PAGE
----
2 Corinthians 5:1. “For we know that if the earthly tent which is our house is torn down, we have a building from God, a house not made with hands, eternal in the heavens.

One thing God has very clearly taught me these last six months is that He hears every prayer. He takes them seriously, never lightly. He’s reminded me that my prayers are powerful, even when I may view them as just another prayer. Sometimes I forget that He hears each one. Throughout these last six months, He has reminded me that our earthly bodies are so temporary. He’s reminded me that the cross is greater than my circumstances. 

Within two short weeks into school, I was taken out of my classroom and into the hospital for a kidney stone. Not just one, but nine on my left kidney. No wonder I had felt uncomfortable for quite a while now. Surgery was scheduled immediately, and although I was thankful I had been able to leave my classroom in time, I was discouraged. I went through this surgery five years ago for 16 kidney stones. I had asked God to please take them away forever. Faithfully, God did answer that prayer, just not in the way I expected. He said no.

When I awoke from surgery, the first thing I asked the doctor was if he had taken all of them out. I remember wanting to make sure this doctor had done everything possible to get rid of all stones. He said, “On that kidney, yes. You have more on the other side that we’ll remove in a few weeks.” My heart sank. Was he kidding? That’s exactly what I asked in my post-anesthetic, drugged up, state of mind. I remember saying the words, “Why, God?” and then drifting into a recovery sleep.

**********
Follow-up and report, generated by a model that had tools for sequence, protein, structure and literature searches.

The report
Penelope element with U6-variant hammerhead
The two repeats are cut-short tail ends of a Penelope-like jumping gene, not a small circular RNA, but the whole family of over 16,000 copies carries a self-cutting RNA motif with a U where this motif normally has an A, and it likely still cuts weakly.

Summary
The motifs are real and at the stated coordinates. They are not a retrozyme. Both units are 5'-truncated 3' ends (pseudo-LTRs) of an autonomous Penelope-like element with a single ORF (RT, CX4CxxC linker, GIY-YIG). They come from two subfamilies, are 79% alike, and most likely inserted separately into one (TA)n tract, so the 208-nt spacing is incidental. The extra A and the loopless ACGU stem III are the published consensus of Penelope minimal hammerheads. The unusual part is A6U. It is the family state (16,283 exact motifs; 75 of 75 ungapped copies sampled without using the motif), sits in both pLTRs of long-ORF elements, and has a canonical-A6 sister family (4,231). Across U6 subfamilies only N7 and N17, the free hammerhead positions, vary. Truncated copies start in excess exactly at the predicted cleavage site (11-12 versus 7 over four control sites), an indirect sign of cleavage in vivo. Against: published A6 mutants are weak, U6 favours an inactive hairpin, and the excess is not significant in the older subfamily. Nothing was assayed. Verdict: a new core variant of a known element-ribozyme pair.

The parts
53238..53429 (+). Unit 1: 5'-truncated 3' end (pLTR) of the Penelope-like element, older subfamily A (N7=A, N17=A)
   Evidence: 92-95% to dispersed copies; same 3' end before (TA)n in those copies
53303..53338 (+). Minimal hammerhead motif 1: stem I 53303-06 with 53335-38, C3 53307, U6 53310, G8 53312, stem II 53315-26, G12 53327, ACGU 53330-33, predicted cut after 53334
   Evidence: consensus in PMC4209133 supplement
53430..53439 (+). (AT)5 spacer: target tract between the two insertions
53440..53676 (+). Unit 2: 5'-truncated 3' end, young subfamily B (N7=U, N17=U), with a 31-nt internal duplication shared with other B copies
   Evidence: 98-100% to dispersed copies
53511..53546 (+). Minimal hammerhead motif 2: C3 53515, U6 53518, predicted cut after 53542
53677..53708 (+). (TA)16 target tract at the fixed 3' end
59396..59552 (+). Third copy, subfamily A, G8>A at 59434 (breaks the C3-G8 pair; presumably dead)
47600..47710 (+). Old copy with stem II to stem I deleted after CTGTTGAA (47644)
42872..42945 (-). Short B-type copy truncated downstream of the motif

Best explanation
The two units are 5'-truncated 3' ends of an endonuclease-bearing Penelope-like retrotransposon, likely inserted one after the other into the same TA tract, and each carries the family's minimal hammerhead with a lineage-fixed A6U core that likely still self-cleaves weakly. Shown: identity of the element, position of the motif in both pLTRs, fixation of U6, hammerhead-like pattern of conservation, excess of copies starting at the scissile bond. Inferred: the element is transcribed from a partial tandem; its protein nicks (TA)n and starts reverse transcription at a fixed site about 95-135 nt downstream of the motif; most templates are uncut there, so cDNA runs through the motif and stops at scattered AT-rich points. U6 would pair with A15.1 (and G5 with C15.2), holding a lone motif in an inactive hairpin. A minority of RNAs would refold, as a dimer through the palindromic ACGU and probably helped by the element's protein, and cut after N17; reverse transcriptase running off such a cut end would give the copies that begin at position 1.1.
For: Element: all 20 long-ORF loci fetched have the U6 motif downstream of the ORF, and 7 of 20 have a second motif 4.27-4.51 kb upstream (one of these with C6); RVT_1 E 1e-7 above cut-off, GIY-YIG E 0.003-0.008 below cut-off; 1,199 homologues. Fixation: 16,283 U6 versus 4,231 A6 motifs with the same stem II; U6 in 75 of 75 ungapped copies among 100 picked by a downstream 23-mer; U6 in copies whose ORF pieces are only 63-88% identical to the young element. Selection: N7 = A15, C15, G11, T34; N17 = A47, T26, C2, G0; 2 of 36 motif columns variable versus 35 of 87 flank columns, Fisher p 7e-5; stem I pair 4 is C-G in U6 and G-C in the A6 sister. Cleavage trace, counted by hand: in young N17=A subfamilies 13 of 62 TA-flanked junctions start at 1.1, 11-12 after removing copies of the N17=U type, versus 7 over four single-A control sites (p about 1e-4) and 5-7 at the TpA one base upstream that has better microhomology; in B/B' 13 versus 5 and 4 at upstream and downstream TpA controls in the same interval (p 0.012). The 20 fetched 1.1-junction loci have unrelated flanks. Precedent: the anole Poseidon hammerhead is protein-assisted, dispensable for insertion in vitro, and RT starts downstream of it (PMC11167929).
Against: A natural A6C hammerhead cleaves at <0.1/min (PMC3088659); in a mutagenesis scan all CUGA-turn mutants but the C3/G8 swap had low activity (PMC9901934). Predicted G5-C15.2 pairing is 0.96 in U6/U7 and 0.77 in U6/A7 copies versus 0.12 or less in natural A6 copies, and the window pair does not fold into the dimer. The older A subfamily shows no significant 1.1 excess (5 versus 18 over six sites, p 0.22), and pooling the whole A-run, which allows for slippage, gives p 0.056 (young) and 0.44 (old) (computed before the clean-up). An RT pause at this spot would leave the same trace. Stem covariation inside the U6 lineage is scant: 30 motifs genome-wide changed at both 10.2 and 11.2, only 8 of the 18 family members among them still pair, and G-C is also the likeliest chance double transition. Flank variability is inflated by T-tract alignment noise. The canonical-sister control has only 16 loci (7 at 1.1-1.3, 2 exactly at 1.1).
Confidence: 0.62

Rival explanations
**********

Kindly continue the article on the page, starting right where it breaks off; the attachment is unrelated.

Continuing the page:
The first two weeks back at school were the most painful I had experienced, however God had put my mind at ease. He kept reminding me, “Christine, I know this hurts, but the cross really hurt me. It will be ok.” My mind shifted very quickly to the cross instead of my own circumstance. Nine kidney stones were cleared from my body, and for that I was thankful. God reminded me every moment those two weeks that He was my strength. He reminded me of how temporary our bodies are and reminded me of the perfection that will be in Heaven after we leave these bodies.

Almost as quickly as the pain on my left kidney had subsided, it was time for the next surgery. I asked God for just a little less pain after this surgery than the first. When I awoke, my first thought was not about my body. It was, “I wish Jesus could have had painkillers while He was at the cross.” That goofy, but real thought that went through my head prompted me to thank Him for allowing me to have a surgery and for the doctor who removed the stones. Of course after awhile my mind was on the cheddar broccoli soup I craved, but I was joyful. What Jesus did at the cross was way more than my own circumstance.

I was able to go back to school three days after my surgery. I remember walking down the hallways, into my classroom, and wondering, “Where’s the pain?” I figured it was just a good hour and that the pain meds hadn’t quite worn off yet. Then I remembered I hadn’t even taken any pain medication the day before. Instantly I was reminded of my prayer before surgery—to have just a bit less pain after this one. God had not only answered, but given me more than I had asked! God continued to heal my body over the next couple of weeks and draw me closer to Him. Every day, He reminded me this: Cross over Circumstance. I was thankful.